The report, ‘How international financial centers can help drive international regulatory cooperation post-COVID-19,’ makes the case for why regulatory cooperation is crucial to facilitate the growth of capital.
The report explains how the necessary actions that national governments and regulators took to support domestic businesses and address the health crisis could now lead to new unintended international barriers to the free flow of capital and the operation of global financial markets.
To address these challenges, the WAIFC report outlines several principles which could guide regulatory cooperation in the years ahead to smooth the global economic recovery, improve the functioning of financial markets and unlock more capital for investment. These methods, where appropriate, include:
- Recognition: Host country regulators could recognize the home country regulator’s standards as valid where both have high standards and seek the same outcomes, even if they try to achieve them in different ways. Mutual recognition between countries should be an important objective.
- Substituted compliance: Host regulators could permit foreign regulated institutions and services whose activities might bring them within the scope of the regulator’s jurisdiction to show compliance with their home jurisdiction regulations as a substitute for compliance with the host country’s regulations.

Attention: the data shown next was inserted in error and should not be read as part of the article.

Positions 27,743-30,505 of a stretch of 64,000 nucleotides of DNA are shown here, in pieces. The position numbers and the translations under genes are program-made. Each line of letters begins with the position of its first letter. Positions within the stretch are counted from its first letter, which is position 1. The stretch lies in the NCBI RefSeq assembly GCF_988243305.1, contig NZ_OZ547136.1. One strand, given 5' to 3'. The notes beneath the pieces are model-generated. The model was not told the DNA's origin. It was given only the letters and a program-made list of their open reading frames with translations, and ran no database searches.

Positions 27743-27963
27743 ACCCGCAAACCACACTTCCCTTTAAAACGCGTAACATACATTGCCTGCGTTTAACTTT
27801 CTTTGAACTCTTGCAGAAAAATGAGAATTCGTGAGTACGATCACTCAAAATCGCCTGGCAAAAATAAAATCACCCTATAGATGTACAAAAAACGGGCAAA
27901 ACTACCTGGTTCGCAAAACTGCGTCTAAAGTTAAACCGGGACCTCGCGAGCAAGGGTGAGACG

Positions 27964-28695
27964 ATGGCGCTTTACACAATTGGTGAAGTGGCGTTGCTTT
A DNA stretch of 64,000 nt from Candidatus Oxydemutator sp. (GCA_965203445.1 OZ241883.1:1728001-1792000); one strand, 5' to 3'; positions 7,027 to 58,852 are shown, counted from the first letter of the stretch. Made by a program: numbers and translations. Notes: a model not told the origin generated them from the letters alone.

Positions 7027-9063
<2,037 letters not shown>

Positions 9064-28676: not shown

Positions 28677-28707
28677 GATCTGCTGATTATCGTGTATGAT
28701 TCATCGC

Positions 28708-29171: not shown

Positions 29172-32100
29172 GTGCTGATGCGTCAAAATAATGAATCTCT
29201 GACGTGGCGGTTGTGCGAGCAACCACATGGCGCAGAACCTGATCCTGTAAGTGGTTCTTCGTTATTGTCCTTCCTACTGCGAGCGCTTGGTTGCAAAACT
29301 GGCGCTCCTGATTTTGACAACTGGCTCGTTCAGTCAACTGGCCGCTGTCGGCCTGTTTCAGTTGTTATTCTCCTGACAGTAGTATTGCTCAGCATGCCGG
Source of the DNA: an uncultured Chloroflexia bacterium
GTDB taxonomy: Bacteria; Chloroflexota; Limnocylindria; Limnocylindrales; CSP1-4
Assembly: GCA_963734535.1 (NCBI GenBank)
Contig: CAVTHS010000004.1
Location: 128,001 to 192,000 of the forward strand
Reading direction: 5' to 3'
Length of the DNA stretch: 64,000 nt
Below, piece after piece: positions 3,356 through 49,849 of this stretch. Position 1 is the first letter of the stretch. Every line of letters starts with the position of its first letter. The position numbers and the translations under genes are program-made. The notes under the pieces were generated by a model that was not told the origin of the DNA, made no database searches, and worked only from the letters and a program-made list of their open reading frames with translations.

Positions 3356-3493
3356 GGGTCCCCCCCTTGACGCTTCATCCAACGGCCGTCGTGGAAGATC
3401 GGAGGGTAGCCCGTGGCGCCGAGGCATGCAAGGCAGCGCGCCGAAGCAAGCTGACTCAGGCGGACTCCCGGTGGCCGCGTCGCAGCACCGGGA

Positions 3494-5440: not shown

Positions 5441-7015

- Exemptive relief: Host country regulators could grant financial institutions from another country exemption from compliance with some of their regulations if the home country regulatory regime is deemed adequately similar to that of the host country on the issue in question.
- Equivalence: governments could accept one another’s regulatory rules as valid on the grounds that they are equivalent to their own, i.e., substantially the same in terms of outcomes in practice, if not necessarily identical in form.
Commenting on the release of this report, Jennifer Reynolds, Chair of the WAIFC, said: “Our members are united in calling for increased international regulatory cooperation, whether at a global, regional or bilateral level, to create more integrated global financial markets and support greater economic growth.”
Miles Celic, Member of the WAIFC Board and CEO at TheCityUK, said: “Financial markets are some of the most internationally integrated systems in existence, yet all too often they don’t fully benefit from scale, as products and services are prevented from freely crossing borders and reaching the customers that need them. Firms are eager to engage and provide industry input into international regulatory dialogues to help regulators achieve more global financial stability and more integrated global financial markets.”
Dr. Jochen Biedermann, Managing Director of the WAIFC, added: “This report highlights the advantages of greater international regulatory alignment. It makes clear that through greater cooperation we can deliver real economic benefits to customers and clients, while avoiding any weakening of standards, or undermining international financial stability.”